By Deborah Vankin
10:30 AM EDT, May 1, 2013
Comedians publishing humorous autobiographies -- quirky retellings of the boozy nights on the road, the broken hearts and broken (sitcom) dreams -- seems a rite of passage these days, along with the requisite podcast, Twitter account and digital comedy special.
Marc Maron has perfected all those comedy offshoots -- his popular podcast, “WTF with Marc Maron,” is nearing 400 episodes and he’s prolific, if a bit hilariously neurotic, on Twitter. He just taped a 90-minute Netflix special, due out in June, and he’s landed a sitcom, “Maron,” which debuts Friday on IFC.
Then Maron's memoir, "Attempting Normal," out this week from Spiegel & Grau, found its way to my desk. The essayistic collection, spanning Maron’s peripatetic, near-30-year comedy career on radio, TV, in print and on the Web, is not only funny, it is surprisingly deep, at times laced with revelatory insights.
The book is reminiscent of Spalding Gray's or Eric Bogosian’s work in that it’s both conversational and writerly at once, but it’s shot through with that particular Maron-esque combination of brooding, unapologetic confession, self-analysis and vulnerability. Anecdotes swing from straightforward sob stories of divorce and drug addiction to brutally honest tidbits (like Maron’s unsexy encounter with a prostitute who has him examine her breasts for lumps) to bursts of self-awareness.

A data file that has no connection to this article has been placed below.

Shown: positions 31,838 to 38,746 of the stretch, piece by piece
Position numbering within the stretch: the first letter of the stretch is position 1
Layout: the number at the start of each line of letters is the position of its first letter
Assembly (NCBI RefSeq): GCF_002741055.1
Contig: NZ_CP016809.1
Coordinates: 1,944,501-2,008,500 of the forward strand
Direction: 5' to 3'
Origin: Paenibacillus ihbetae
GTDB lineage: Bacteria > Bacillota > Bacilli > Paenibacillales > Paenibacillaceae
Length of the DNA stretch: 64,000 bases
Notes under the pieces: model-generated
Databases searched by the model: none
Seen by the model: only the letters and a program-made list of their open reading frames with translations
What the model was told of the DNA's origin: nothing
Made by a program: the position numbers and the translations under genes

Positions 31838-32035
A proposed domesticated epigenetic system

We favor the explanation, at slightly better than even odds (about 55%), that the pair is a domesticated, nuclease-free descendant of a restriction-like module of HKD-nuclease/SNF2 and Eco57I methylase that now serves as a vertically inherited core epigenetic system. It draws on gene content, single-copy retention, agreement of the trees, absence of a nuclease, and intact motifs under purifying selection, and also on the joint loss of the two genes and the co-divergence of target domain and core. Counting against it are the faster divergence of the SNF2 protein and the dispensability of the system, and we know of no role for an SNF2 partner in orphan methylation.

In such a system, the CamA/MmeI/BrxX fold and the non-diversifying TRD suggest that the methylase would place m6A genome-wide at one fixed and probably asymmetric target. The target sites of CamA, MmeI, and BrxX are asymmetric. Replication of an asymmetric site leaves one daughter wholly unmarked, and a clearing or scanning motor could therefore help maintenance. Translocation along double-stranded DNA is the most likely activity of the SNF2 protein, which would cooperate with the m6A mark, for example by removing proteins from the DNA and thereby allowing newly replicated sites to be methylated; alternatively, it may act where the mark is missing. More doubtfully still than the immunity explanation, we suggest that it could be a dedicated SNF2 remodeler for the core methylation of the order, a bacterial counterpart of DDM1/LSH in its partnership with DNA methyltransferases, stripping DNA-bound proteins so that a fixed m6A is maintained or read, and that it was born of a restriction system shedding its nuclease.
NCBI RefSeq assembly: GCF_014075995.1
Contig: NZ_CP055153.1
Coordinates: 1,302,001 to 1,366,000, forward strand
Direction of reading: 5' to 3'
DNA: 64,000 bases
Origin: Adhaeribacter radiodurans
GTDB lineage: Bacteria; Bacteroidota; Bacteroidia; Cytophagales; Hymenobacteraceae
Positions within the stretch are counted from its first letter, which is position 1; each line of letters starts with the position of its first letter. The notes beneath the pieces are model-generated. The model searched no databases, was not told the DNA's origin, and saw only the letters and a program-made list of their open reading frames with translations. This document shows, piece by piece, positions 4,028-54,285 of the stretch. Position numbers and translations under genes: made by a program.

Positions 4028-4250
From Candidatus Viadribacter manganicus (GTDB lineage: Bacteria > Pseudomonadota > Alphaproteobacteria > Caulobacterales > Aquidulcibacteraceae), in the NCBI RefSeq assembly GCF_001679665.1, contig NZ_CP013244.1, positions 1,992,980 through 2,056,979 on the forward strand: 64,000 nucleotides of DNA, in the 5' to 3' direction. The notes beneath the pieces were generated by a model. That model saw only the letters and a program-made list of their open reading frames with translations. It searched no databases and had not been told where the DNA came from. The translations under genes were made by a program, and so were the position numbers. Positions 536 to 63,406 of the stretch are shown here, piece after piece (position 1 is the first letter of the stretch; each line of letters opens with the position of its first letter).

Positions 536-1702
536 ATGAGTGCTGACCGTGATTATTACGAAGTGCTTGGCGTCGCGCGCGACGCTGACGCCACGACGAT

He chose comedy, he wrote, “because I needed to finish the construction of myself.”
“Attempting Normal” isn’t Maron’s first book. He published “The Jerusalem Syndrome,” based on his one-man show of the same name, in 2001. But the newer book was written from scratch, he said, so it was a little more difficult.
“I didn’t really want to write a second book, because it’s hard, it’s taxing and I’m not a professional writer,” Maron said over dinner recently. “[But] I needed to make money; I wasn’t making any money on the podcast.”
He said the book took more than a year to write, during which time he had some assistance.
“I have a slightly obsessive fan who transcribes all of my monologues, so I had thousands of pages of me talking as a resource,” he said. “But I didn’t want to lean on the monologues too much. I wanted to write and to stretch.”
Of all Maron’s stories, one of the most memorable is “Babies”: Maron’s live-in girlfriend, Jessica, wants kids; Maron is freaked out by the prospect.
“[Not having kids] I could put an end to the genetic bundle of selfishness, depression and anger that has tumbled down through time along my father’s line of descent,” he wrote in the book. “I would be doing the world a favor.”
It’s an ongoing battle, Maron explained, and in the book, he doesn’t offer much closure. The story ends on a poignant note with Jessica telling him: “I love you ... but I’m not going to hang around forever.”
When asked about this over dinner, Maron candidly responded.
“I worry about the age thing, I’m almost 50 years old!” he said. “But I like kids, I get along with kids, and I think emotionally, this would be the time -- I don’t think I would have been ready previous to this.”
There was a short silence -- the first all throughout dinner -- before Maron continued. “So I think we’re gonna do that,” he said. "If things don’t fall apart first.”
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